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Professor Susan Brain

Sue BrainSusan Brain is professor of pharmacology at King’s College London.

What does your work involve?

Our work involves studies of the biology of nerves that transport pain signals from the inflamed joint to the brain. We know that the activation of a mechanism called TRPV1 on painsensitive nerves is involved in arthritis. TRPV1 is stimulated by capsaicin, which is found in extracts from chilli peppers. Capsaicin has been used for many treatments, including rheumatism, in folk medicine. There are also creams available that include capsaicin and are applied to the skin to treat the aches and pains, but they are associated with a burning sensation.

Our present project was designed to learn more precisely how capsaicin works to combat the effects of one of the best-known inflammatory substances, TNF-alpha, and in turn work towards the possibility that agents without the burning side effects of chilli peppers may be useful in the treatment of arthritis. The TRPV1 channel works in a similar manner to a door lock. If the correct key (stimulant) is put into it the lock will open to allow entry of traffic (calcium in this case) into the nerves. This can act to start, amplify or prolong the inflammation and pain. We believe that blocking the actions of TRPV1 will act to combat the pain and hopefully reduce the swelling and tissue damage that occurs during the disease and its flare-ups. Indeed, TRPV1 blockers are in development for use as painkillers. However, we need to do more research to fully understand all the steps involved in the pain and inflammation as we now realise that other TRP channels may also be involved in arthritis.

How long has Arthritis Research UK been funding you?

I've been funded via various grants since the early 1990s. Some have enabled me to combine my expertise as a pharmacologist with others such as biochemists and neurochemists.

What’s the most important thing you've found out in the past 12 months? Why?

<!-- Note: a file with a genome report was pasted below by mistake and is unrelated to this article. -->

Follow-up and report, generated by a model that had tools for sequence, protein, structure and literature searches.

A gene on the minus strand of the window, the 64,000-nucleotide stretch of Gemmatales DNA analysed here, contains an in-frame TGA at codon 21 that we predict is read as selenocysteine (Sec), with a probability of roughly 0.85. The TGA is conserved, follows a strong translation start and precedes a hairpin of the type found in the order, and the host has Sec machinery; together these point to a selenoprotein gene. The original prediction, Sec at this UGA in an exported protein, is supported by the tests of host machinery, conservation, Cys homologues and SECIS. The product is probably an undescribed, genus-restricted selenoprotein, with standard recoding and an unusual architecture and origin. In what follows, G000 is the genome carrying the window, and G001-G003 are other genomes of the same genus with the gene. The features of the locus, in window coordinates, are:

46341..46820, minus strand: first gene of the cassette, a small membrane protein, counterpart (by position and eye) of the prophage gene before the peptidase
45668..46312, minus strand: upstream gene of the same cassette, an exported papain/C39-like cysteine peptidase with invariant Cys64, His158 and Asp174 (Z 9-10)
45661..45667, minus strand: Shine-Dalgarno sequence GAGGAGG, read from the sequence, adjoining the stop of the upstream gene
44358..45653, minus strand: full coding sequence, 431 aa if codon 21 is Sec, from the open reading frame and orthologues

We've recently obtained evidence that another TRP channel is highly likely to be also involved in mediating pain in arthritis. We need to understand how this new channel impacts on the disease and if interaction with TRPV1 occurs.

What do you hope or expect to achieve as a result of your Arthritis Research UK funding?

This group carried out research at a pre-clinical level to learn more about the role of pain-sensitive nerves and their activity in inflammatory models. We aim to provide mechanistic evidence for feasible and relevant targets for new drugs in arthritis.

What do you do in a typical day?

My day starts by using the quiet time before I get to work to read and write. I travel by train and this provides excellent facilities, as long as I get a seat! Once I enter King’s my day revolves around research, teaching and administration. I like teaching and do my best to be an effective administrator by developing systems so that it can be done as swiftly as possible. This allows me to spend as much time as possible with my research group.

What's your greatest research achievement?

During the 1980s, the research team that I was working with were given a powder, an extract from the thyroid tissue of patients with thyroid cancer. I learnt that it had very potent effects on blood flow in tissues that include the joint. This small protein was CGRP. Excitingly, CGRP blockers have been shown to be beneficial in the treatment of migraine and these new drugs are now in the very last stages of clinical trials. Their role in arthritis is still unclear. However, our research with the TRP channels involves CGRP.

Why did you choose to do this work?

I went to university to do a joint biology and chemistry degree but realised that I seemed to understand and do well in pharmacology. I spent a year of my degree working in a pharmacology department and from then I was hooked.

Do you ever think about how your work can help people with arthritis?

Severe arthritis, albeit in different forms, has affected several of my family and friends. I have no clinical training but I do have a good understanding of the treatments available and the help that is available from Arthritis Research UK. Last year I was involved in trying to help a sufferer understand why their nurse wanted them to take a course of a different drug and what was meant by the literature that she was given to read. I feel strongly that better painkillers are needed. There's an urgent need to learn more about how the joints and nerves work together.

What would you do if you weren’t a scientist/researcher?

I believe that I'd still be involved in the university system, either teaching or administrating. Even though the research is the thing that I love to do, I also enjoysome of the different types of challenges that these other parts of my job offer.

About Susan

I enjoy walking, gardening and generally being outdoors.

This article first appeared in Arthritis Tiday Autumn 2009, issue 146.

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